/me is reading the new bill bryson. tis good. also trying to get through interview with the vampire, which is rough going, partly because she improved so much with time and also because i read all the others so i already knows what happens, but i feel obligated.
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The Guv'nor
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PostPosted: Wed Aug 21, 2002 5:56 pm    Post subject: Reply with quote

What new Bill Bryson? Do you mean Down Under?

(I think it's got a different name in the US).

Guv
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sporkgirl
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PostPosted: Wed Aug 21, 2002 6:38 pm    Post subject: Reply with quote

nope, new new. it's a guide for writers. it was on the new in non fiction table at the barnes and nobles. here's the link from bn.com:

"Bryson's Dictionary of Troublesome Words: A Writer's Guide to Getting It Right"


http://search.barnesandnoble.com/booksearch/isbnInquiry.asp?userid=52ZOXACMBZ&isbn=0767910427

hopefully that link will work. otherwise, search for bill bryson. also, i loved down under ("in a sunburnt country" in the us) but "the lost continent" is still my favorite. i want to grow up to be as cool as him, and the fame and fortune wouldn't hurt either.
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Kyle



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PostPosted: Wed Aug 21, 2002 9:15 pm    Post subject: Reply with quote

The last time I read a book was about 3 months ago, and that was Misery. Damn good. Beats the hell out of the movie, which wasn't all that great to begin with.
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Paulapalooza
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PostPosted: Thu Aug 22, 2002 1:50 pm    Post subject: Update Reply with quote

'Kay, so I'm sitting around Nahvegas without much to do, so I've been hittin' the books hard. I just finished writing a review of Tim Dorsey's Triggerfish Twist and Bill Fitzhugh's Fender Benders, and I've since read this stuff:

Cast in Stone by G.M. Ford. This is the second in the Seattle-set Leo Waterman mysteries. On the very good side of average, but it's set in the city where I lived for a year. Cool and compelling everyman protagonist. Start with Who in Hell is Wanda Fuca?

Coraline by Neil Gaiman. This was a quick re-read as I'm reviewing it and John Shirley's Demons together for my next bit of paid-not-enough writing. It's ostensibly a children's book, but it actually works well enough as a creepy, well-written read for adults, too. And if you're a Gaiman fan, you're going to read everything he's done, anyway.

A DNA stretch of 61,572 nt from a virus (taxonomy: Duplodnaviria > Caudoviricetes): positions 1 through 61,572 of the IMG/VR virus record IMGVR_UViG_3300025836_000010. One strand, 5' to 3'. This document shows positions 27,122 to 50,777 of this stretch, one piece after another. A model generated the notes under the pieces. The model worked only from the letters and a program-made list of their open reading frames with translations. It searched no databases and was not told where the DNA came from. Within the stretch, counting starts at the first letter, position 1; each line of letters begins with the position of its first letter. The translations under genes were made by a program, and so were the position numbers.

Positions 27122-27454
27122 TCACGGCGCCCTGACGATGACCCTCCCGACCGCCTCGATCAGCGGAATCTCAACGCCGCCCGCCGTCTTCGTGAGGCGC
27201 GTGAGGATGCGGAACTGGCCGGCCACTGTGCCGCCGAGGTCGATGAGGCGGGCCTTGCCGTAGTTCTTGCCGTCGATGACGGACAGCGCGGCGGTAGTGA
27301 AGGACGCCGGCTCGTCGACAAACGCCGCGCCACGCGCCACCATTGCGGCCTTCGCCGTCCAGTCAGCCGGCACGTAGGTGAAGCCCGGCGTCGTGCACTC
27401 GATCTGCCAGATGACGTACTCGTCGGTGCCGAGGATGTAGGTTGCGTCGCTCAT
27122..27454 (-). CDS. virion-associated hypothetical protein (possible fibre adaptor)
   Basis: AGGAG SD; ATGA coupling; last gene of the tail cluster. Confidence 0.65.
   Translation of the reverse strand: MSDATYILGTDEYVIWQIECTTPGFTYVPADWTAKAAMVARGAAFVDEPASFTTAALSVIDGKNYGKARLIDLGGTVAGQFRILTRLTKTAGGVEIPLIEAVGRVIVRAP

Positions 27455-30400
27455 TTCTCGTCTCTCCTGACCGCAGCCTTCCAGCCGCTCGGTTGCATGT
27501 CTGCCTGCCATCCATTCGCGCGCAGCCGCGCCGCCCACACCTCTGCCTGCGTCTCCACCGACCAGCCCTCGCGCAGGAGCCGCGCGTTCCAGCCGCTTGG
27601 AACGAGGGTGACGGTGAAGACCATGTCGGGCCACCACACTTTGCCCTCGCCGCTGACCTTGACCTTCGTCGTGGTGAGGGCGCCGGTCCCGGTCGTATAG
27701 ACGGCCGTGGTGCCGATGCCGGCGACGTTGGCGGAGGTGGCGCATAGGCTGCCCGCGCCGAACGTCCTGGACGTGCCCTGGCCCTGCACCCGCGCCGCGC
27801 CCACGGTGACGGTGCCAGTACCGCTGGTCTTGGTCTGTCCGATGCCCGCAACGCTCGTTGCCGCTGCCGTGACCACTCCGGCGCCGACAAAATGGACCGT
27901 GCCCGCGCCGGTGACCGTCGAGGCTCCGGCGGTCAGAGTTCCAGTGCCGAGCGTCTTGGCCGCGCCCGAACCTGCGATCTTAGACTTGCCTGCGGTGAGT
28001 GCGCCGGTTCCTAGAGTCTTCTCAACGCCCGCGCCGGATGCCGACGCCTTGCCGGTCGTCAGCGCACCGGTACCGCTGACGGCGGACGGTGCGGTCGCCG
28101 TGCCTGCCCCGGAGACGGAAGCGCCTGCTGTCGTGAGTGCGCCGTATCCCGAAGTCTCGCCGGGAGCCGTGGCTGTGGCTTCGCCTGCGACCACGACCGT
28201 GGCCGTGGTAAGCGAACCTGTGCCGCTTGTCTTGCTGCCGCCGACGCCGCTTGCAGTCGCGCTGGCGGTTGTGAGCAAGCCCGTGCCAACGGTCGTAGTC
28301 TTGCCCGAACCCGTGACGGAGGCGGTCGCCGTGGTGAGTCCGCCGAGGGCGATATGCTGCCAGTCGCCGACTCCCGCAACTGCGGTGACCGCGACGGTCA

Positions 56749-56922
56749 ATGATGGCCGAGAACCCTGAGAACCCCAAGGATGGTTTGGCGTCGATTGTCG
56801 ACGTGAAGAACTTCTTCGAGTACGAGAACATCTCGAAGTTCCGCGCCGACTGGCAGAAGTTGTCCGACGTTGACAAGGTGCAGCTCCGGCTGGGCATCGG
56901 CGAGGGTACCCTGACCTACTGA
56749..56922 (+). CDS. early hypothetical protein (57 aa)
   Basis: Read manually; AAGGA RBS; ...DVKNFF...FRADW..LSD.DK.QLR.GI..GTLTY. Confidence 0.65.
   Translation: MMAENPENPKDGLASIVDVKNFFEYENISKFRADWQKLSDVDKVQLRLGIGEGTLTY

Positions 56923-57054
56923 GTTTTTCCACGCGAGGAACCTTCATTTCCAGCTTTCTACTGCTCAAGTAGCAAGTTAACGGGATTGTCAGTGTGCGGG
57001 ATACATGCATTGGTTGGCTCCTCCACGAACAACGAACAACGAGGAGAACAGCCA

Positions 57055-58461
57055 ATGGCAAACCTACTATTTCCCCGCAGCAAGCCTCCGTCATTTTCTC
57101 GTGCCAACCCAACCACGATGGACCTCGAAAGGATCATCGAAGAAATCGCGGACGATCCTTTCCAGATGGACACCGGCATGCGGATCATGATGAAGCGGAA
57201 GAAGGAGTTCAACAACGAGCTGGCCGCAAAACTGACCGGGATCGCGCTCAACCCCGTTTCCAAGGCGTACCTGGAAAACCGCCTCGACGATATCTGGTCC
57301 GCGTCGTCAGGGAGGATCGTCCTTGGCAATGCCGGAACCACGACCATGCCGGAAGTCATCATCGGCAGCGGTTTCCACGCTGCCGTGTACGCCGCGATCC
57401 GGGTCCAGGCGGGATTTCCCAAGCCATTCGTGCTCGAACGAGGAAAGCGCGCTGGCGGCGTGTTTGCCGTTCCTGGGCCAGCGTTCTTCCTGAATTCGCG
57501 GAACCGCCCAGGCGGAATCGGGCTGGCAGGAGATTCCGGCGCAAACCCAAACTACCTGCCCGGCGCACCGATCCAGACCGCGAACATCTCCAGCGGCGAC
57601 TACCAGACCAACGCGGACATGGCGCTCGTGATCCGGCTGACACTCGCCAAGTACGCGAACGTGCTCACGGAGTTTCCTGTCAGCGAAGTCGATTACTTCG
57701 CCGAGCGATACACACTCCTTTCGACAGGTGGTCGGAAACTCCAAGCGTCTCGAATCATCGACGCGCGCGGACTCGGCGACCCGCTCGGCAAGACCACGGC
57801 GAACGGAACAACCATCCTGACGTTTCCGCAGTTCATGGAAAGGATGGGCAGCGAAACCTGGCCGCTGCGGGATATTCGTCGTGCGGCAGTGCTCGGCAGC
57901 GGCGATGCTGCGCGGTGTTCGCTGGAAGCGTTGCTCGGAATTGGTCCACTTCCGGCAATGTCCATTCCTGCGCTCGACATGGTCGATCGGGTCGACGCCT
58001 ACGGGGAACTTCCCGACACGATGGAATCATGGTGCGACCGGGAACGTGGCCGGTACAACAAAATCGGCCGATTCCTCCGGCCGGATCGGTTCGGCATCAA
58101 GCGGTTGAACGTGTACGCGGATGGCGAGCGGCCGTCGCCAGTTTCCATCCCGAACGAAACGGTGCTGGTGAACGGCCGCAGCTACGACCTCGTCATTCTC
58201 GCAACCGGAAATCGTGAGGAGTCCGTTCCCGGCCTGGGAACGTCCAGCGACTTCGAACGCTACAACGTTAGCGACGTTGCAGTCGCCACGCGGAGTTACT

Shooting At Midnight by Greg Rucka is the current read, about half-done. This is his fourth novel, and a slight departure from his normal leading man, bodyguard character Atticus Kodiak, though Atticus is there as a supporting character. Probably better know for his comic book work, including stints on Batman in Detective Comics and the excellent, excellent Whiteout and Queen and Country, Rucka is one of the best writer of character I've ever encountered, and he's easily one of the best thriller guys in the business. Shame he doesn't get more ink. Start with Keeper.

Next up will likely be Tim Powers' Anubis Gates. Anything to add on Powers, Guv?

Paul
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PostPosted: Thu Aug 22, 2002 3:29 pm    Post subject: Reply with quote

Once again, my propensity towards non-fiction has got the best of me.

I'm reading Digital Resistance - Explorations in Tactical Media. I get a sampler pack now and again from a small press distributor and that was in it along with Punk Planet - the Collected Interviews, which I already have and San Francisco Beat - Talking With The Poets.

Digital Resistance is a heavy handed tome that makes some salient points about social signifiers but falls into the trap of sensational leftism. Part-manifesto, part-instructional guidebook, its ultra-radical approach is almost a pornographic read. It reads like it was written under the gun in the shadows of a Big Brother like society.

A discussion of art, language, semiotics and consciousness would have been a better background to launch into an examination of the Dada-ists, the 60's era Haight Ashbury Diggers, and the Fluxus Group with roughly the same result except, from the perspective of Digital Resistance, that would be pandering to the knowledge machine enslaved by capitalism and priveleging academic discourse over working class discourse.

And we are already in the trap of vocabulary. How many times do you hear people analyzing discourse at the laundromat?